Item description for Monte Carlo Simulation in Statistical Physics by K. Binder...
Monte Carlo Simulation in Statistical Physics deals with the computer simulation of many-body systems in condensed-matter physics and related fields of physics, chemistry and beyond, to traffic flows, stock market fluctuations, etc.). Using random numbers generated by a computer, probability distributions are calculated, allowing the estimation of the thermodynamic properties of various systems. This book describes the theoretical background to several variants of these Monte Carlo methods and gives a systematic presentation from which newcomers can learn to perform such simulations and to analyze their results. This fourth edition has been updated and a new chapter on Monte Carlo simulation of quantum-mechanical problems has been added. To help students in their work a special web server has been installed to host programs and discussion groups (http://wwwcp.tphys.uni-heidelberg.de). Prof. Binder was the winner of the Berni J. Alder CECAM Award for Computational Physics 2001.
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Est. Packaging Dimensions: Length: 9.45" Width: 6.3" Height: 0.63" Weight: 0.88 lbs.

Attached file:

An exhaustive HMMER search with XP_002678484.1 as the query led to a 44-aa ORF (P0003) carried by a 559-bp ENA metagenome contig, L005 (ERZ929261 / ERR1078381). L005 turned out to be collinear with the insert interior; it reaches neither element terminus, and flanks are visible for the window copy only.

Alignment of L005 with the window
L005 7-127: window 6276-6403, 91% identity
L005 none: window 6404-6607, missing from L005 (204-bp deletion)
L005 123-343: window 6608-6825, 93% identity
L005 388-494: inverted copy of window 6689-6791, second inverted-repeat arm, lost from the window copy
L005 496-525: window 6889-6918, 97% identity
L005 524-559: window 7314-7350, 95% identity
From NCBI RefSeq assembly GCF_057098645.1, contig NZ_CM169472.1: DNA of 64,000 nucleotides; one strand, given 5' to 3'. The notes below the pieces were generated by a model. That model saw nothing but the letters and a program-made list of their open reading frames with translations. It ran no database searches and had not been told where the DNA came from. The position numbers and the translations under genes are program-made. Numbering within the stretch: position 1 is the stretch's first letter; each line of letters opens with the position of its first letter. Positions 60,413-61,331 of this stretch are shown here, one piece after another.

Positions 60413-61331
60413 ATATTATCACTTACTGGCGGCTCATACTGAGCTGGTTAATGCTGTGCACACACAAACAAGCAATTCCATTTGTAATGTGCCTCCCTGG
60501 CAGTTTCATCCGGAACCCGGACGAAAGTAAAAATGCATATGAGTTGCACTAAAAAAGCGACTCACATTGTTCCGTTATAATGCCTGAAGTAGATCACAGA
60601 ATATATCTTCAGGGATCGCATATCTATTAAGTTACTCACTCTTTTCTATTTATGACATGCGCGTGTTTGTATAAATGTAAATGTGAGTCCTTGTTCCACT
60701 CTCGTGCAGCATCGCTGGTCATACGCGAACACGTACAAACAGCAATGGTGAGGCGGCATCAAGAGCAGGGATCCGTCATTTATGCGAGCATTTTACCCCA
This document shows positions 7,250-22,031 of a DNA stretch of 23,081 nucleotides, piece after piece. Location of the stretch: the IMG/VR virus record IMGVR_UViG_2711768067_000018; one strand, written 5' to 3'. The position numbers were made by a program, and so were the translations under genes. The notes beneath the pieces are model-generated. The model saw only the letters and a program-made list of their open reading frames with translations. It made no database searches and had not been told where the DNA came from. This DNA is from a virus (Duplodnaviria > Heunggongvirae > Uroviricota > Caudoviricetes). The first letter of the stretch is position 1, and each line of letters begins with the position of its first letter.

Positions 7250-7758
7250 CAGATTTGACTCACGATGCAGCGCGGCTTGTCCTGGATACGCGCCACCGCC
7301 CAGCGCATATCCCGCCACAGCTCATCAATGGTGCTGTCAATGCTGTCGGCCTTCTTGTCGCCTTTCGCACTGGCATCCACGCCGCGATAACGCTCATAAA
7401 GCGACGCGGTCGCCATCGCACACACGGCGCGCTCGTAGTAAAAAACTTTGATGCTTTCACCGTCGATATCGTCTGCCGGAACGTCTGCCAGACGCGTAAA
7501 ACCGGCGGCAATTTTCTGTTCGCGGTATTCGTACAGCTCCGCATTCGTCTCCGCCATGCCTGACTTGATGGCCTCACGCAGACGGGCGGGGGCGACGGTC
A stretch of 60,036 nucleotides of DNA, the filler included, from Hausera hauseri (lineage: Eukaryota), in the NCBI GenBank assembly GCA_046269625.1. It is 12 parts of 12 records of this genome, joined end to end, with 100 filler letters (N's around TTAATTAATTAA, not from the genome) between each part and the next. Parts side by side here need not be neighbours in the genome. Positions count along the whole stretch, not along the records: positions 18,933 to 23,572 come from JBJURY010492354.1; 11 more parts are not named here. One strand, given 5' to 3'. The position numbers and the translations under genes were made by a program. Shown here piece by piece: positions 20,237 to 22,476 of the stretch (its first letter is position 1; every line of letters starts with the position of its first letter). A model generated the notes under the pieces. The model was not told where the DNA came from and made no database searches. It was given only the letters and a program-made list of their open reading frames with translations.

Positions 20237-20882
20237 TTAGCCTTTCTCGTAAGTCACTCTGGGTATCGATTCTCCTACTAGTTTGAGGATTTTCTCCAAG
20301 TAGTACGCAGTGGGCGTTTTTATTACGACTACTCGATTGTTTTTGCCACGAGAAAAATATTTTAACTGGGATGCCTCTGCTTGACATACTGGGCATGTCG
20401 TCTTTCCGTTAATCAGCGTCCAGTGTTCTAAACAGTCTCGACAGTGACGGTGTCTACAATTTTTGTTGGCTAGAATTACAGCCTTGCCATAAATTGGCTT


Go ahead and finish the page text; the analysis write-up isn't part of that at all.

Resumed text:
Release Date Aug 26, 2002
ISBN 3540432213 ISBN13 9783540432210
Reviews - What do customers think about Monte Carlo Simulation in Statistical Physics?
A graduate level book (Review for the 4th edition) Mar 9, 2007
This is a nice little book written by two experts of the field. This edition is only an expanded version of earlier editions (by addition of two new chapters, the core of the book chapter 1 to 3 hasn't change at all). The book covers monte carlo techniques through various well-known examples (Ising model, random walk, percolation, self-avoiding random walk). I enjoyed reading the first 3 chapters of the book. In particular, chapter 3 guides the readers and gives them the chance to practice what they should have learned in previous chapter (through 53 exercises). The following 2 chapters (chapter 4 and 5) are not as nicely written. Moreover, there are some serious shortcoming in the book. (1) All codes are written in Fortran. While everyone who can program can easily understand the codes, Fortran belongs to the past and could have been ok for physics students during late 80's (first edition) but not for those at 2006. (2) The guide (chapter 3) should have been the last chapter and have covered subjects in chapters 4 and 5 (3) As I mentioned before, chapter 4 and 5 are not well-organized. (4) The book in general stresses too much on finite-size effects. However, it is an important subject and it tells us how we can scale our simulation result to more realistic cases. By my judgement, the book gives wrong impression about the degree of its importance.
I recommend graduate students who are serious about learning monte carlo methods to read Newman and Barkema book (Monte Carlo Methods in Statistical Physics) instead since it provides a broader view about the subject. Although I highly recommend those who are interested in the subject to go through chapter 3. It is fun and very instructive.